I had wanted a yak for a long time too and bought one from Jesse (on this site) two years ago. It was a 12' sit on top Manta Ray with an anchoring trolley system, multiple rod holders and had front and back dry storage. It was sweeet and I went apeshit tricking it out with a fish finder, lights and eveything I could imagine. I used it a few times at Marsh Creek and loved it, except when it got really windy - then it became work. I found I was spending a lot more time manueviring the yak then fishing. Don't get me wrong, I think it is a superior approach to fishing and I would argue that it is better than a traditional boat, but it is more work than I first suspected. Loading it on the car, launching it, setting it up, paddling to the spots I want to fish, coming back, unloading the fishing stuff, loading it back on my car, unloading it at home and stowing away everything reminded me of why I got rid of my boat several years ago. It was cool when I was actually fishing, but the effort involved in preparing it, getting it on the water, and the opposite when I was done, started to make fishing less like fishing and more like work...to me at least.

Now, if you have a place near or on the water where you don't have to deal with all of that, you are set. FIshing from a yak was a blast once I did it. I loved the stealth approach. I would still have mine if I didn't completely destroy my left shoulder trying to load the 70 lb yak off and on my suv. I feel it every day of my life and probably will need to get it fixed at some point. I still have some nice scratches on my car from the rudder. Loading a heavier yak off and on a higher vehicle by yourself sucks.

I liked yak fishing, I think it gives you a real edge. I personally just prefer the simplicity behind just wading after fish.

If you get a yak, I definitely would suggest a sit on top. If you are using it in the salt, I would not go less than 12 feet. Hobies, with the foot drive, are the cream of the crop. If funds allow, that would be idea. You are approaching the area of a small used outboard boat in pricing though, so just be aware. Everyone will have their favorite brands. Tarpon 120s are well spoken of out there in yak land too. As important as the yak itself may be, the paddle you will be using is at least as important, if not more so. DO NOT CHEAP OUT ON A CUT RATE PADDLE! Pay the $ for good lightweight ones, you will be much better off. Check out Cabelas for their selection. Think over $100 for a good paddle. Go with the teardrop blade design. A reputable dealer will allow you to test drive a yak.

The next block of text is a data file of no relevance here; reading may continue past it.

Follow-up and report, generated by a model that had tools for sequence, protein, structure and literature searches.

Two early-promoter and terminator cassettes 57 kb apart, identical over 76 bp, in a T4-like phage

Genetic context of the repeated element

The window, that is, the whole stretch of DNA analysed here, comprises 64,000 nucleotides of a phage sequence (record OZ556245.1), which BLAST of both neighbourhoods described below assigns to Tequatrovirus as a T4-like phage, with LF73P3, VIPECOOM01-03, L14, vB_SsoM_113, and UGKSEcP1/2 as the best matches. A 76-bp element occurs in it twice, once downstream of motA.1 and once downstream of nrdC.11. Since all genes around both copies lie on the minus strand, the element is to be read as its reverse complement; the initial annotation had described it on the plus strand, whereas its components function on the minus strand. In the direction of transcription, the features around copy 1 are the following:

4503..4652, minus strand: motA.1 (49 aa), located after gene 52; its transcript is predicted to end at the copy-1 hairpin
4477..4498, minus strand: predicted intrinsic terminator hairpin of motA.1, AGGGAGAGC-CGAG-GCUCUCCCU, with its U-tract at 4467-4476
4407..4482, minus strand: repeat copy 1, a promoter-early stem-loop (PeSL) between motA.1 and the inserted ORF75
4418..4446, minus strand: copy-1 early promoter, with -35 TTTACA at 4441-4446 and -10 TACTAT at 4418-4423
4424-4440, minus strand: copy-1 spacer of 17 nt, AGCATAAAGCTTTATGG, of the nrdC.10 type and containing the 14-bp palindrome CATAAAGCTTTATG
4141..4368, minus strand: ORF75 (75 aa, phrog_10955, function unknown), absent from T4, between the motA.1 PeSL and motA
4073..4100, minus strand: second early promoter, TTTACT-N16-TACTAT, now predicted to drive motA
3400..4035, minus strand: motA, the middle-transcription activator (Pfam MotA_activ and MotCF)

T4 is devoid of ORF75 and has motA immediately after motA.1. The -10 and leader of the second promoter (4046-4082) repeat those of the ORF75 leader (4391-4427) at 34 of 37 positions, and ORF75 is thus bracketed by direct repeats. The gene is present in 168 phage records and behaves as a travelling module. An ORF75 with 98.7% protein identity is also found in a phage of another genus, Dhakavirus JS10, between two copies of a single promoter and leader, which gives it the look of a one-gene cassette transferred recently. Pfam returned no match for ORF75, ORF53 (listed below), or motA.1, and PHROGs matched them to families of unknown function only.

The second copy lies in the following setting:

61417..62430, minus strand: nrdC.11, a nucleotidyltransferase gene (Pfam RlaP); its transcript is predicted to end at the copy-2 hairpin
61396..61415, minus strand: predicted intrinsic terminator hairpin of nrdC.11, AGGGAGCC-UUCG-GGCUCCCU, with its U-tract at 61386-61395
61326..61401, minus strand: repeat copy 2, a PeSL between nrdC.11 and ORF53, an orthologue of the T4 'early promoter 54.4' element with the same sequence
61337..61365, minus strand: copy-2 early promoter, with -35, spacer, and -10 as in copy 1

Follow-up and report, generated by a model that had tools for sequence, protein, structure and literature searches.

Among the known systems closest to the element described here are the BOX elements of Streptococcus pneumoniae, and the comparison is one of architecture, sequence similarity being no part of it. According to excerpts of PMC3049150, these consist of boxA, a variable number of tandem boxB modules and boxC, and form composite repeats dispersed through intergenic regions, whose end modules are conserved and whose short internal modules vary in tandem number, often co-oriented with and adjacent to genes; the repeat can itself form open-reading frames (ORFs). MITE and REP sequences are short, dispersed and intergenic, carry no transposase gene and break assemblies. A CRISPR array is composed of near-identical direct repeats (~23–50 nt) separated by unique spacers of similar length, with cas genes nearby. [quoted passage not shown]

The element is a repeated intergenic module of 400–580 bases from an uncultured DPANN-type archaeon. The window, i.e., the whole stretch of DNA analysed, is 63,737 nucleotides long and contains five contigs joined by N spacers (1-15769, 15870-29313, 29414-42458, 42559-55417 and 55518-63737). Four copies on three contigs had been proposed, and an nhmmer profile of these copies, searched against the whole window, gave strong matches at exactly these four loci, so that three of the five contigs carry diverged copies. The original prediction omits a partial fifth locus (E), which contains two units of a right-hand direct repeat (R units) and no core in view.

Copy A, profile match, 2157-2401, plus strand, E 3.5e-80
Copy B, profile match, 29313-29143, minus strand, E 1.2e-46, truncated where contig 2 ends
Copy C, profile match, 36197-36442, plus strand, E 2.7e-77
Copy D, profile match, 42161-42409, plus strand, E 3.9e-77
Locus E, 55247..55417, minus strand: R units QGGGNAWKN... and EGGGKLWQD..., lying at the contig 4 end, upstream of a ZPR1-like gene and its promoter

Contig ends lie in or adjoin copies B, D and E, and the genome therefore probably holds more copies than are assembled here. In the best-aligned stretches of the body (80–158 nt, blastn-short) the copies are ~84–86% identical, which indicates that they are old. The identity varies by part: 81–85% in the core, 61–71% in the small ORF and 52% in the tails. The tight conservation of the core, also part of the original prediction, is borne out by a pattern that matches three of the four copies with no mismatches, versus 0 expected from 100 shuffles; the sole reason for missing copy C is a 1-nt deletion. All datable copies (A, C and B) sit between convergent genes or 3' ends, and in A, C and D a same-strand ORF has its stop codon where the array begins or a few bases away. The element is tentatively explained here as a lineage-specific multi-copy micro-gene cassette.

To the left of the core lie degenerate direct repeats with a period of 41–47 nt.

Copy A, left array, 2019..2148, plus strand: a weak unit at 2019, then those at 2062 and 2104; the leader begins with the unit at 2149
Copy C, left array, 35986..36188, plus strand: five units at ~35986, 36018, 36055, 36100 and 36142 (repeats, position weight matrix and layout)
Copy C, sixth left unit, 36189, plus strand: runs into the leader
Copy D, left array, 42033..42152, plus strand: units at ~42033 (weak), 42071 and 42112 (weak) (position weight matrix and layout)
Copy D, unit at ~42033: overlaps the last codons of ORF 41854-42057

awesome thanks tom!

#5 ILoveFishing

ILoveFishing

    PAC Regular

  • Club Member
  • 912 posts

Posted 29 January 2012 - 09:12 PM

I have a sit in model, and fishing out of it is not bad for me at all, i just feel a little safer in a sit in kayak, and i can put removable rod holders along the rim depending on what i am fishing for, sit on top is probably your best bet thou. Even after spending 300 for my yak, i did not regret it one bit, i installed 2 internal rod holders on each side behind my seat, a 15lb anchor with 50 feet of rope that i can easily clip on and off of the handle on the back of my yak, and purchased a hummingbird 170 fish finder that i still have figure out how i am going install. I also plan on getting a clip on the side to hold my paddle on while i am fishing to make more room in the hull, i just keep all of my tackle in a bag up in between my feet, and tools like pliers, and a knife on the little compartment holders on the front lip of my hull. Goodluck on finding one that fits you.
Itching for some fishing.

#6 Tom

Tom

    PAC Junkie

  • Charter Member
  • 2,950 posts

Posted 29 January 2012 - 09:20 PM

I do think SOT vs Sit In yaks are more a matter of preference. I definitely agree that a good knife is a MUST have at all times if you anchor up. You don't want to have an anchor stuck on some debris when the tide starts ripping or the wind/storm comes rolling in.

#7 ILoveFishing

ILoveFishing

    PAC Regular

  • Club Member
  • 912 posts

Posted 30 January 2012 - 09:45 AM

Yeah that is why i like how i can just un clip it in a situation like thay, or if it gets stuck. Anywhere you can call if your anchor gets snagged? The anchor itself is not a problem but i would hate to just leave the 50 feet of rope in the water, probably a farfetched question. Anyway, at least take the kayak you like down on the floor and sitin it and move around before you buy it, taking it for a spin and returning it would be better if the place you get it lets you.
Itching for some fishing.

#8 GC

GC

    PAC Junkie

  • Charter Member
  • 2,189 posts

Posted 30 January 2012 - 01:42 PM